The Administration of Hippias.—The Conspiracy of Harmodius and Aristogiton.—The Death of Hipparchus.—Cruelties of Hippias.—The young Miltiades sent to the Chersonesus.—The Spartans Combine with the Alcmaeonidae against Hippias.—The fall of the Tyranny.—The Innovations of Clisthenes.—His Expulsion and Restoration.—Embassy to the Satrap of Sardis.—Retrospective View of the Lydian, Medean, and Persian Monarchies.—Result of the Athenian Embassy to Sardis.— Conduct of Cleomenes.—Victory of the Athenians against the Boeotians and Chalcidians.—Hippias arrives at Sparta.—The Speech of Sosicles the Corinthian.—Hippias retires to Sardis.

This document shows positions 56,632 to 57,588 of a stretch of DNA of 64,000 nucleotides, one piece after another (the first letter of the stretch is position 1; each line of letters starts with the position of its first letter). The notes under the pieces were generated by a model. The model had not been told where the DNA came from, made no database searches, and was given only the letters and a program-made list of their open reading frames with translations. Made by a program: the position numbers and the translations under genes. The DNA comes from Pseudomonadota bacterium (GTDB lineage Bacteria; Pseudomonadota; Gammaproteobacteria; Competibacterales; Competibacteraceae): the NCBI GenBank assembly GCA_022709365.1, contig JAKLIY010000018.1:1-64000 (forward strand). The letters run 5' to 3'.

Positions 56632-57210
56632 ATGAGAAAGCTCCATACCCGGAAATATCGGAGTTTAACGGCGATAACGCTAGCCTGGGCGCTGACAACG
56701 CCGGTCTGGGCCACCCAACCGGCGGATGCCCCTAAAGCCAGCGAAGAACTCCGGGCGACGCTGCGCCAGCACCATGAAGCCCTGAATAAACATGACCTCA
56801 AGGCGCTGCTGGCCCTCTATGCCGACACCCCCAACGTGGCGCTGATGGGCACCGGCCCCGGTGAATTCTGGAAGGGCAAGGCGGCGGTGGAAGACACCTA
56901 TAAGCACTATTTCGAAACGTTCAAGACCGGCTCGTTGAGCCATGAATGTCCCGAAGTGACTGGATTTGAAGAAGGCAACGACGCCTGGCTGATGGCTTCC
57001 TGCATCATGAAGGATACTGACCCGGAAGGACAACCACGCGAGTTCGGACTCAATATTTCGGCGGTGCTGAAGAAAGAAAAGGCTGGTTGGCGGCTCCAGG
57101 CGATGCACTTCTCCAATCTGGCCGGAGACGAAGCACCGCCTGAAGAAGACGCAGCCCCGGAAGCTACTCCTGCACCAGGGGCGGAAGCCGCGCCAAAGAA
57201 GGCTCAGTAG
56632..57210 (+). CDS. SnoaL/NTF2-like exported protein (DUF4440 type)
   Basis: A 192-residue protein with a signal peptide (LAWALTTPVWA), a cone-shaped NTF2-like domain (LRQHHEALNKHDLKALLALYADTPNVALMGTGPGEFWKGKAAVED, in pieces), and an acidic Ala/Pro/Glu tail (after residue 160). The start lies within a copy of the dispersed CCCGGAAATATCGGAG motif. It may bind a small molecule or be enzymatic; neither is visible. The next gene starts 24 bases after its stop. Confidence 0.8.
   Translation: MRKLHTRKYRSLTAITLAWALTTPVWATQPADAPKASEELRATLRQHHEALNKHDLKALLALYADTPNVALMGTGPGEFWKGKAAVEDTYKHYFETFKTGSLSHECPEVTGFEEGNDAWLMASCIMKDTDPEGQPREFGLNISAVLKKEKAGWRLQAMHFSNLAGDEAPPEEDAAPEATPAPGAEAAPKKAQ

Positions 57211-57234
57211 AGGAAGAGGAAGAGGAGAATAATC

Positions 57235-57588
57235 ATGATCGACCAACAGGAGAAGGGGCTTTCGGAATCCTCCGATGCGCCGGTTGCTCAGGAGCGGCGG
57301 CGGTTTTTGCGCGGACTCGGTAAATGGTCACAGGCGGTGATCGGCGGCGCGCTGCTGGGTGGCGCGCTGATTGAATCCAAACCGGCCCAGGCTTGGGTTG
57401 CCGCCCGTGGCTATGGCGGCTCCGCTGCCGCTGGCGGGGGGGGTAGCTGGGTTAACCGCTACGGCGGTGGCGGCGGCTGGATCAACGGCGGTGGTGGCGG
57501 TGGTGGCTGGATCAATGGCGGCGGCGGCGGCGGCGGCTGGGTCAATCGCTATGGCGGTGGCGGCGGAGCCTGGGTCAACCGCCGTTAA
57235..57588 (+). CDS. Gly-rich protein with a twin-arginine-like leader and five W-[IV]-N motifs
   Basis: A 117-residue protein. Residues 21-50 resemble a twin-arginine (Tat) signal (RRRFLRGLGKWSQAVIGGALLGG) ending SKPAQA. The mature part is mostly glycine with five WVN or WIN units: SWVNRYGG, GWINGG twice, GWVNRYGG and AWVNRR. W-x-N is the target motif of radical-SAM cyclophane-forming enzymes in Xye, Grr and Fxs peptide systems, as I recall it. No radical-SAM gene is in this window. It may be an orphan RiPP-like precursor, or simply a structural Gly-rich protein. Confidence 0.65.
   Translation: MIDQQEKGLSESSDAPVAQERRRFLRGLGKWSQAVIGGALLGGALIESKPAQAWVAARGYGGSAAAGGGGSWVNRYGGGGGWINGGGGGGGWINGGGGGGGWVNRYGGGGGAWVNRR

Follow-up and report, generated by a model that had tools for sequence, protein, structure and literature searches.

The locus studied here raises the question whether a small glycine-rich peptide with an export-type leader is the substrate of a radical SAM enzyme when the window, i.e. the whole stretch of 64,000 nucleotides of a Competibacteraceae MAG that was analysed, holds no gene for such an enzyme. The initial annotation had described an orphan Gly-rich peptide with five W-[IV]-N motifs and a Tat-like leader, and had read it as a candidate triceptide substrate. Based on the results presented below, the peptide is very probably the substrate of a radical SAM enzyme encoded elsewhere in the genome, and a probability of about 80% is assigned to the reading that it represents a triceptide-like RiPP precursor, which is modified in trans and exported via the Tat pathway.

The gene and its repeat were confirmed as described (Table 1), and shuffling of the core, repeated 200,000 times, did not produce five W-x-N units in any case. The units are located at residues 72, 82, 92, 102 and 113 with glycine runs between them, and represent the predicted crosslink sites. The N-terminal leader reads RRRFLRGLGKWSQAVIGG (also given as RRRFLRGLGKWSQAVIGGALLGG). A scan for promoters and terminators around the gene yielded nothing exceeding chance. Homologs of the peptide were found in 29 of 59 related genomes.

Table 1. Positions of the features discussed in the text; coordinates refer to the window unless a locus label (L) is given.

I. Upon the death of Pisistratus, his three sons, Hipparchus, Hippias, and Thessalus, succeeded to the government. Nor, though Hippias was the eldest, does he seem to have exercised a more prominent authority than the rest—since, in the time of Thucydides, and long afterward, it was the popular error to consider Hipparchus the first-born. Hippias was already of mature age; and, as we have seen, it was he who had counselled his father not to despair, after his expulsion from Athens. He was a man of courage and ability worthy of his race. He governed with the same careful respect for the laws which had distinguished and strengthened the authority of his predecessor. He even rendered himself yet more popular than Pisistratus by reducing one half the impost of a tithe on the produce of the land, which that usurper had imposed. Notwithstanding this relief, he was enabled, by a prudent economy, to flatter the national vanity by new embellishments to the city. In the labours of his government he was principally aided by his second brother, Hipparchus, a man of a yet more accomplished and intellectual order of mind. But although Hippias did not alter the laws, he chose his own creatures to administer them. Besides, whatever share in the government was intrusted to his brothers, Hipparchus and Thessalus, his son and several of his family were enrolled among the archons of the city. And they who by office were intended for the guardians of liberty were the necessary servants of the tyrant.